Remember Lynton Crosby? He was the Australian credited with devising and putting into operation the strategy that won the 2015 general election for the Conservatives.
One of his tactics was the ‘dead cat’ strategy, which Boris Johnson (who had employed Crosby in his London mayoral campaigns) described thus: “There is one thing that is absolutely certain about throwing a dead cat on the dining room table – and I don’t mean that people will be outraged, alarmed, disgusted. That is true, but irrelevant. The key point, says my Australian friend, is that everyone will shout, ‘Jeez, mate, there’s a dead cat on the table!’ In other words, they will be talking about the dead cat – the thing you want them to talk about – and they will not be talking about the issue that has been causing you so much grief.”
When Labour were doing well in the election campaign, Crosby decided it was time for a dead cat manoeuvre and Michael Fallon was deployed to make an outrageous attack on Ed Miliband, telling The Times newspaper that: “Miliband stabbed his own brother in the back to become Labour leader. Now he is willing to stab the United Kingdom in the back to become prime minister.” The media immediately switched attention from Labour’s proposals to Fallon’s allegation.
Could it just be that the Conservatives in government have deployed the same strategy – and this time the dead cat is grammar schools?
They know how much the media love to talk about this topic. They know that the Conservative right-wing could be brought four-square behind the prime minister on grammar schools (though they tend not to mention the consequent secondary moderns, which will appear in much greater numbers). Hey presto, right-wing MPs immediately switched from complaining about progress on Brexit and purred with satisfaction about selection for 11 year olds.
Take politics out of education
For school leaders and teachers, 80 per cent of whom do not want to see an increase in the number of grammars, it is time to make the case against, complete the online consultation survey on the Green Paper and get on with the important job of high quality teaching, learning and assessment.
I have spent the last few months reflecting on what is important in school leadership and teaching, writing down my reflections in a book, 'The School Leadership Journey', which will appear in November. The manuscript has gone to the publishers today.
You cannot take education out of politics, but it would be good to take some of the politics out of education. Politics is a strange world – and it has rarely been stranger than it is at the present time, with many people becoming disengaged from traditional political discourse. Politicians are held in deep suspicion and are probably less trusted than they ever were, somewhere below estate agents.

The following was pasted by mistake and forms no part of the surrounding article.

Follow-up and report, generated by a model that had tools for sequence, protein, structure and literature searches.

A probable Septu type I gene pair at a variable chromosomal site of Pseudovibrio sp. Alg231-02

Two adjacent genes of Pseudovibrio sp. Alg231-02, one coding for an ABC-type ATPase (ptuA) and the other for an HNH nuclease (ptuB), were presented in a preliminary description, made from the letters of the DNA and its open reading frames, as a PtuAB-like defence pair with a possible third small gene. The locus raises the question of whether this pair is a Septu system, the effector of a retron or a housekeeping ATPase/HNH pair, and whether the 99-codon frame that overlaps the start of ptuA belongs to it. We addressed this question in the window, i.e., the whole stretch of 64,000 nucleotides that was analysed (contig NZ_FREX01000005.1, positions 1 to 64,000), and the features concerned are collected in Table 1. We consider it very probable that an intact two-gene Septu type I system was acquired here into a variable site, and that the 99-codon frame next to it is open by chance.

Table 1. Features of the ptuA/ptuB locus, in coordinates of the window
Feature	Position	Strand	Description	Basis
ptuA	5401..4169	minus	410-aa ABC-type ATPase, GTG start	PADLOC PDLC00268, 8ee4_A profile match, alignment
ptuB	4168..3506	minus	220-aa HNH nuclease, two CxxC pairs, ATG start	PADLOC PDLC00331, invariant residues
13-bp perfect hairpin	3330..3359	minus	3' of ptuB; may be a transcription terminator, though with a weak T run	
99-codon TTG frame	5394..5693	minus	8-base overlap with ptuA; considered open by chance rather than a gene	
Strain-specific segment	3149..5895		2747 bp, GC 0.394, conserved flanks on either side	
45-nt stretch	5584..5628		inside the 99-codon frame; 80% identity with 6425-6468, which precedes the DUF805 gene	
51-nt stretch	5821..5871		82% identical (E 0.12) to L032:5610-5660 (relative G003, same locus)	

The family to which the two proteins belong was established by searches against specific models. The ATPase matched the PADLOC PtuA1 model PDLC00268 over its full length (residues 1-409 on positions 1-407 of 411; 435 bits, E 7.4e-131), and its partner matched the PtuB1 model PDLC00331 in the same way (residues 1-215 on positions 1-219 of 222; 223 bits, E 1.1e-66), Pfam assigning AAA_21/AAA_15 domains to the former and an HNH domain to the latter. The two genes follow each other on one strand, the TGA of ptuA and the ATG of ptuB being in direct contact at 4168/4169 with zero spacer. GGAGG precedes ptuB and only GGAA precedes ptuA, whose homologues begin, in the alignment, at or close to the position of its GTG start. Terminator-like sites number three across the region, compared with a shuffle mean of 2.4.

The level of trust in teachers and school leaders, on the other hand, is up there with doctors, judges and clergymen. We should make the most of this, with teachers focusing on the highest professional standards and school leaders offering principled leadership to their schools and multi-academy trusts.
In the course of writing my book, I encountered the work of the American academic, Victor Lorenz, who has set out ten characteristics of principled leaders in business, government and the academic world:
- They put the interests of the institution they serve above their own self-interest.
- They understand that character is defined by the small acts they perform when nobody is looking.
- They recognize that respect must be earned over time but can be lost in an instant.
- They promote their people, not themselves.
- They take responsibility for failure – by themselves and by others.
- They share credit for their successes with the individuals who made them possible.
- They are consistent and predictable in their decision-making.
- They strive to do what is right rather than what is expedient.
- They do not fear making unpopular decisions and clearly communicate their rationale for making such decisions to those affected by them.
- They only serve institutions that do not require them to compromise their principles.
Although written mainly from the business perspective, these characteristics fit well with the principled leadership of schools in the 21st century.
Principled leadership promotes clarity about every aspect of school life and communicates to everyone connected to the school a consistent, honest message about what is possible. Staff and students flourish in schools under principled leadership.
So, when the prime minister states that a new generation of grammar schools will be inclusive, we know that to be a contradiction in terms and suspect that we smell a dead cat.
That’s the time for school leaders and teachers to focus on their values and their principles, and to remind the politicians that, while they talk about changing school structures, it is high quality teaching, learning and assessment that really makes a difference to the lives of young people.
John Dunford is chair of Whole Education, a former secondary head, general secretary of the Association of School and College Leaders and national pupil premium champion. He tweets as @johndunford